Beginning locksmiths can encounter problems when keying commercial lock cylinders. Some problems can be caused by pin stacks, crushed springs, mis-cut keys, and assembly errors. A great deal of frustration can be eliminated by taking a close look at what is going on inside the cylinder and implementing the tips within this article.
Beginning locksmiths should never be shy about asking their more experience peers for solutions. Lock representatives are always willing to help out and often can provide materials that can aid in understanding what goes on inside the lock cylinder.
The definition of the pin stack is the overall height of all pin tumblers in a given chamber. The pin stack height is often expressed in units of increments established by the lock manufacturer. The pin stack height can be a given number or an actual size.
Interchangeable core manufacturers have given their cores a set pin stack height to ensure that the core operates properly when an operating key is inserted. One of the reasons for having a specific pin stack height is because the core is smaller than a standard lock cylinder and the operating space within the core is limited. A set pin stack height ensures that driver springs will not be crushed.
Pin stacks of most standard lock cylinders can be less critical as there is more space for springs to operate; therefore pin stacks do not have to be exact.
Locksmiths may forget to remove all pins and springs from the lock cylinder in preparation to rekey it. All the bottom pins and some master pins are removed by running a follower through the lock cylinder. Depending on the combination of the operating key, some master pins may remain in the upper chambers.
Master pins left behind will add to the overall height of the pin stack and could damage driver springs. Top pins might be too long for the pin stack, also creating a condition where the driver springs will be crushed. Driver springs left inside the lock cylinder shell could already be damaged.
Sometimes lock manufacturers create a problem when lock cylinders are delivered to locksmiths with the wrong size top pins installed. Zero-bitted or one-bitted (where a key cut with all zeroes or ones can operate the cylinder) lock cylinders, keyed from the factory, will often have short drivers installed, anticipating that the locksmith will not empty out the top pins when preparing for a rekey. This creates a problem during construction if the lock cylinder is turned without a blank construction key. Because short drivers were installed with short bottom pins, the pin stack at rest falls below the operating shear line. A turn with a screw driver may operate the lock but also may mangle the driver springs.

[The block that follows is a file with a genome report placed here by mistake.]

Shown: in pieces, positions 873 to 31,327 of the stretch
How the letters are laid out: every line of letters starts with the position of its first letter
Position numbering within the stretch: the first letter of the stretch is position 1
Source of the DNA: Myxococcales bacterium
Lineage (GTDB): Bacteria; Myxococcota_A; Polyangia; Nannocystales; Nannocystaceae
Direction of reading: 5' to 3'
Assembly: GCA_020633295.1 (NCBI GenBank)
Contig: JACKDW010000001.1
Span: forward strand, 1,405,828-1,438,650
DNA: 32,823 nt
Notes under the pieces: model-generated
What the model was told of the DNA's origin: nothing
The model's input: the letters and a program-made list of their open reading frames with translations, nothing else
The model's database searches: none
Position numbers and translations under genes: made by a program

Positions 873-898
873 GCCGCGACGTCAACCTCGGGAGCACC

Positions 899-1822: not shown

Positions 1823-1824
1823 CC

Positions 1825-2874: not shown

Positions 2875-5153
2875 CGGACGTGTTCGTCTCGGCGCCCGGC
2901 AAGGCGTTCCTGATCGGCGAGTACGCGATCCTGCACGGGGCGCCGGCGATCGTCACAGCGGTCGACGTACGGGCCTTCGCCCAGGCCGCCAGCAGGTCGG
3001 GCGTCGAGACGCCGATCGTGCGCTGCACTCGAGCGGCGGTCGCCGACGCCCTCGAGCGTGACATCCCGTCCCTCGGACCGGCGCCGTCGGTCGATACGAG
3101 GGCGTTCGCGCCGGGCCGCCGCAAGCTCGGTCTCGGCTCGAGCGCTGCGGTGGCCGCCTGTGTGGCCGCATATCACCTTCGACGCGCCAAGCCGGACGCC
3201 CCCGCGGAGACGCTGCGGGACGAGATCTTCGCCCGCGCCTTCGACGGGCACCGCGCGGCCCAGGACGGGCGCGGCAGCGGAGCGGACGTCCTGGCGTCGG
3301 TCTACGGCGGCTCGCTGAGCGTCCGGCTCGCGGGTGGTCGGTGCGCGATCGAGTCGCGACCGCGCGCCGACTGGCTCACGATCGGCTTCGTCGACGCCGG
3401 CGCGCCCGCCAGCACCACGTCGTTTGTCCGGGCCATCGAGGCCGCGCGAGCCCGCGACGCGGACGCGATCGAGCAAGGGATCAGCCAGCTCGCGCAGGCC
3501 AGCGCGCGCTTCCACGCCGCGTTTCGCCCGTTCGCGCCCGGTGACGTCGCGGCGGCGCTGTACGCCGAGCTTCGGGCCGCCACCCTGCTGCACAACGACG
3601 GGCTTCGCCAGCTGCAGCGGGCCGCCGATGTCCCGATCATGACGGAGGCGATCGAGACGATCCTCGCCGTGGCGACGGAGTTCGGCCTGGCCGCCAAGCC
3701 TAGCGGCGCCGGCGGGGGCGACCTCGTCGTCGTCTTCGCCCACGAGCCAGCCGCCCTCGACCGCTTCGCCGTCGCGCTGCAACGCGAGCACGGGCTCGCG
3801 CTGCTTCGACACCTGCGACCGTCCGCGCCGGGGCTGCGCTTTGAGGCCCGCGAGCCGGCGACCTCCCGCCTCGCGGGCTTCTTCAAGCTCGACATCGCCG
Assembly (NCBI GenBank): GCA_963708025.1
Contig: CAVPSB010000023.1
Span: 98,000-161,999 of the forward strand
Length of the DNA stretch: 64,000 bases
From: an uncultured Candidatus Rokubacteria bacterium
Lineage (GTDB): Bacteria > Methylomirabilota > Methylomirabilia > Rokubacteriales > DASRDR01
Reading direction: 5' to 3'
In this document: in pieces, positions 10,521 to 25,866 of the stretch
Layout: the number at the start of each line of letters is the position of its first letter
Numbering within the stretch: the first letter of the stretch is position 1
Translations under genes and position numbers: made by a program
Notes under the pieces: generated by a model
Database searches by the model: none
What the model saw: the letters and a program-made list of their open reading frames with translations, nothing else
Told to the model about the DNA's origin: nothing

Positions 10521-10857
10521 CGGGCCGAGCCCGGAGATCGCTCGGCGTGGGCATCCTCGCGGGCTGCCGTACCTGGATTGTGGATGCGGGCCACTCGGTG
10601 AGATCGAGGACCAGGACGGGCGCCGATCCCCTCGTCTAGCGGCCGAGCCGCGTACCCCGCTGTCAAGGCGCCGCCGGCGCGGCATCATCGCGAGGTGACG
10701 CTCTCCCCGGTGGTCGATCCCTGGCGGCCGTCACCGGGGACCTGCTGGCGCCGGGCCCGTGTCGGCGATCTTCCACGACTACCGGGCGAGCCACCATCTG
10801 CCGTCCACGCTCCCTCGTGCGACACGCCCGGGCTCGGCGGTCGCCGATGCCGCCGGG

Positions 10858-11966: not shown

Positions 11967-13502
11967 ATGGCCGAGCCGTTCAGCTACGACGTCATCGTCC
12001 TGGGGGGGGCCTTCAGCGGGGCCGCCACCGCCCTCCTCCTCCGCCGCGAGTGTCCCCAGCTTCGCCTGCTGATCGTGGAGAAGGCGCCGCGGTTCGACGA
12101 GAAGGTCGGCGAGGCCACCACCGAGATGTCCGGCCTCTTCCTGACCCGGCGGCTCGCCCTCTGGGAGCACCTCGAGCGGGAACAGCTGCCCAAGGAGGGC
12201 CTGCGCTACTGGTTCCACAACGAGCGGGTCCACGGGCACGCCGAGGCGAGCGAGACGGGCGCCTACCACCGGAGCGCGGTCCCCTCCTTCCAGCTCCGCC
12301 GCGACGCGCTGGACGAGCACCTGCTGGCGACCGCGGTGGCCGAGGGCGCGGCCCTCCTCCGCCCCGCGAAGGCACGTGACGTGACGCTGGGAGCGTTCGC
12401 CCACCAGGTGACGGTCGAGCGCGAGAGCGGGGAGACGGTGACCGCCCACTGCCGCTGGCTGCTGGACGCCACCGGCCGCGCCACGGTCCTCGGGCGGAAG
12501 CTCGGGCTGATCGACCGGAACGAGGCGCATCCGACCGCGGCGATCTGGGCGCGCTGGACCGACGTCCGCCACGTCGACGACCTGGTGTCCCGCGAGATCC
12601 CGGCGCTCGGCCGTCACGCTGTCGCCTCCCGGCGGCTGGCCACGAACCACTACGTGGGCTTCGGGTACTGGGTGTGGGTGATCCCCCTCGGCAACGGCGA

In Figure 01, during the keying process the top chambers were not emptied; a master pin was left in the third chamber and the top pin in the fourth chamber is too long for the new pin stack. A blank key inserted into this lock cylinder will crush the driver spring in the fourth chamber. Operating keys will be hard to insert. The extra master pin develops an unexpected operating shear line.
Driver springs have a load range. The “universal” driver springs found in popular pinning kits can safely compress about .315”. Compressions greater than .315” will crush or deform the driver spring so that it becomes ineffective.
The driver spring is placed on top of the pin stack to exert pressure on the pin tumblers.
To check that driver springs are in good shape, unload all pins, flip over the lock cylinder shell (so it is upside-down) and carefully remove the follower. Look into the bible portion of the shell; all pins should protrude from each chamber of the bible about .030”, like in Figure 03. If a visual check reveals that some driver springs do not protrude, like in Figure 04, those driver springs are crushed and must be replaced.
The definition of a bible is that portion of the cylinder shell normally houses the pin chambers.
The top pin or driver pin is the first pin in the stack that the driver spring directly contacts.
If a manufacturer does not specify an exact pin stack height, the pin stack height will be established as a range. For their standard commercial cylinders, Schlage uses three different top pins: T1 (.235”); T2 (.200”); and T3 (.165”). Figure 05 shows which top pins are designated for use with different pin stack heights. Notice that the pin stack heights fall into a range between .400” and .465”. What is inferred is that pin stack heights must be taller than .400” and shorter than .465”.
The definition of a uniform pin stack is an exact pin stack height established by the lock manufacturer.
The definition of an increment is the uniform difference between successive key cuts. It can be expressed as a dimension or a number designating the dimension.
The definition of a graduated driver set is a set of top pins of different lengths. Each length corresponds to the height of the rest of the pin stack to achieve a uniform pin stack. Usually the difference between pins in the set is a single increment.
There are advantages to having shorter (.400”) pin stacks. Driver springs are never fully compressed so they are never stressed or crushed; less compression translates to less overall pressure. Keys and plugs are less likely to wear out; and keys are easier to insert and remove.
Take Our Masterkeying Quiz (See bottom for answers) 1. The pin stack is: A. The sum of the heights of the bottom pin and all master pins in a chamber. B. Another name...